Saliva Proteins Change As Women Age
In a step toward using human saliva to tell whether those stiff joints, memory lapses, and other telltale signs of aging are normal or red flags for disease, scientists are describing how the protein content of women’s saliva change with advancing age. The discovery could lead to a simple, noninvasive test for better diagnosing and treating certain age-related diseases in women, they suggest in a report in ACS’ Journal of Proteome Research, a monthly publication. These diseases include lupus, Sjögrens syndrome (associated with dry mouth and dry eye), and other immune-related disorders that affect millions of women worldwide, often at higher rates than in men.
John Yates and colleagues note that human saliva contains many different proteins involved in digestion, disease fighting, and other functions. Scientists are seeking ways to use the proteins as molecular “fingerprints” to develop quick diagnostic tests that provide an alternative to the needle sticks currently needed for blood tests. To do that, they need detailed information on how normal aging affects these proteins.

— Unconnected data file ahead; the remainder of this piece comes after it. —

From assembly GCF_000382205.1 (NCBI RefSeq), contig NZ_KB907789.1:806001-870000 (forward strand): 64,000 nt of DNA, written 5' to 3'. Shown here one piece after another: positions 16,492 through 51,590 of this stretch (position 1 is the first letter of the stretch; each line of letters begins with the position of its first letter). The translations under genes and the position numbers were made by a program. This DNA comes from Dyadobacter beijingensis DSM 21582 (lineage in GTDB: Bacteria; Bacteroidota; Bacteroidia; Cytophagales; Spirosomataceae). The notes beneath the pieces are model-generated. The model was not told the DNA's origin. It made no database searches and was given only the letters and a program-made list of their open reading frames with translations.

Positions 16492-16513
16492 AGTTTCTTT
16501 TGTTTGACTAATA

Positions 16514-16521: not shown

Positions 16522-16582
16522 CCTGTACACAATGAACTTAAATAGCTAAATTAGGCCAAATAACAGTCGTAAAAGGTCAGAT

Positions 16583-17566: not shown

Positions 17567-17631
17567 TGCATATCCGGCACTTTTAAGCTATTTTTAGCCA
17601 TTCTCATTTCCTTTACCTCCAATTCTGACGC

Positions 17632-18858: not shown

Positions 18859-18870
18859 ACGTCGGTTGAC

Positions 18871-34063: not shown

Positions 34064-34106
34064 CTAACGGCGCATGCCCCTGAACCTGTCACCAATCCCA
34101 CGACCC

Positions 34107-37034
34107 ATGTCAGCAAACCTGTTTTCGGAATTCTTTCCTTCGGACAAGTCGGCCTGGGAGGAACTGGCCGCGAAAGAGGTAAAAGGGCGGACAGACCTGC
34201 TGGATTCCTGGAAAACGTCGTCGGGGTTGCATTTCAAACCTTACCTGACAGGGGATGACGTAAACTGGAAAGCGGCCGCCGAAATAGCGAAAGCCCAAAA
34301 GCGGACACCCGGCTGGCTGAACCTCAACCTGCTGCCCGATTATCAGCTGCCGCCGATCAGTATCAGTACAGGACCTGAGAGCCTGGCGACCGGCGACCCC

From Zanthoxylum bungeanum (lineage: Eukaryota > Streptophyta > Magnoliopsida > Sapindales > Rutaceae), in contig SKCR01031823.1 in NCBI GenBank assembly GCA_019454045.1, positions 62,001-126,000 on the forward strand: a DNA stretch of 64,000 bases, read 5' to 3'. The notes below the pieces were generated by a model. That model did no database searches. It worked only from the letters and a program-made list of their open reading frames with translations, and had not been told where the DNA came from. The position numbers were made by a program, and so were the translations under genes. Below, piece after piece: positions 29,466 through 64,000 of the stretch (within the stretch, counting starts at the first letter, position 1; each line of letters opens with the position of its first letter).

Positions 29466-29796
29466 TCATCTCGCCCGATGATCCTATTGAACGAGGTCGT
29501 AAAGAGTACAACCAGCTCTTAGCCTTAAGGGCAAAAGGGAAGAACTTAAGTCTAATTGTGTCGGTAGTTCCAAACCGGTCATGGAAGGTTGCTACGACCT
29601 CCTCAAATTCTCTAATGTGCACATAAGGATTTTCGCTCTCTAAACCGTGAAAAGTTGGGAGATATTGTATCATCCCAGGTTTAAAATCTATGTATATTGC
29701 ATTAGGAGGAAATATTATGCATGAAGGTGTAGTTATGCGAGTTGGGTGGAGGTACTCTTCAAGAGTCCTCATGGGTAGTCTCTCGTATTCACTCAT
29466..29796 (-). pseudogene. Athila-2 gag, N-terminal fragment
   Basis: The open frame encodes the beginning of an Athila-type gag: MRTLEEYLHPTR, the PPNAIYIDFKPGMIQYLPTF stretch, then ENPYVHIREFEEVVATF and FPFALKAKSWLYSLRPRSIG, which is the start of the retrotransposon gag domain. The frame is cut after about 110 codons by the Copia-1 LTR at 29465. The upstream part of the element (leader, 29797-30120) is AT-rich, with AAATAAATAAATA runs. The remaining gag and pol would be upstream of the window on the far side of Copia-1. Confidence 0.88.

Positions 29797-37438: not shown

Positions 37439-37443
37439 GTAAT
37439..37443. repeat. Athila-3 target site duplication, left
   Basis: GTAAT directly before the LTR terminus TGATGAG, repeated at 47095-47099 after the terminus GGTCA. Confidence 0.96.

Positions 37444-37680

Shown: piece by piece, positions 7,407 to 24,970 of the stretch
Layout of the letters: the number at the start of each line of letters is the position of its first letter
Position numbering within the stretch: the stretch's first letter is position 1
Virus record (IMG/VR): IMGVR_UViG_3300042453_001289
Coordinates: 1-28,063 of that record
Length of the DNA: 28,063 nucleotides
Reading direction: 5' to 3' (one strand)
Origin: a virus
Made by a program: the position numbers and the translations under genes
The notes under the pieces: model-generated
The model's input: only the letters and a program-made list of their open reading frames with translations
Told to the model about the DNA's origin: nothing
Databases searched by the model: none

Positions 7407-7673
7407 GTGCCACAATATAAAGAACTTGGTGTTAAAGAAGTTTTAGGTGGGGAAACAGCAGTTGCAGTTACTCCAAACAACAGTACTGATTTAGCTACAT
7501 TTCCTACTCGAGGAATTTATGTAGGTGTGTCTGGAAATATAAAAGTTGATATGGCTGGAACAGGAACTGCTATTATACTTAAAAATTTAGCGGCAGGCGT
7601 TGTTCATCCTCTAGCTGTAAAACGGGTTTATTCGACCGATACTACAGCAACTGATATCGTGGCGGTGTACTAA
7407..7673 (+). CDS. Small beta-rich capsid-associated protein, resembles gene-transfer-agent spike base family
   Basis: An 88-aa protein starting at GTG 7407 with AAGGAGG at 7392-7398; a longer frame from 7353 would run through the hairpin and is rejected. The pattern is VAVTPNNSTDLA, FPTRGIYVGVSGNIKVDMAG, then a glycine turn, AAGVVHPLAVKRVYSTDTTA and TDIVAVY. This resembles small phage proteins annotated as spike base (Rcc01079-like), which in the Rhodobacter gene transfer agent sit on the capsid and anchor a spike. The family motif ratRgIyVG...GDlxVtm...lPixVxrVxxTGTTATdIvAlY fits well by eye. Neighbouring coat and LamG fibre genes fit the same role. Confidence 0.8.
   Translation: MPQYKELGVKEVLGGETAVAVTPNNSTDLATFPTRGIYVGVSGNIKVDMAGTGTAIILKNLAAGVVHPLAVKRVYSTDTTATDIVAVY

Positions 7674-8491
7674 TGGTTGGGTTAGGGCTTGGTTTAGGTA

The scientists analyzed saliva proteins in healthy women aged 20-30 and 55-65. They identified 293 proteins differed between the two age groups. Most were involved in the immune system’s defenses against infection. Older women had almost twice as many immune-related proteins than younger women. The results suggest that “it is critical to take into consideration these normal differences in protein expression when searching for clinically relevant, disease specific biomarkers,” the article notes.
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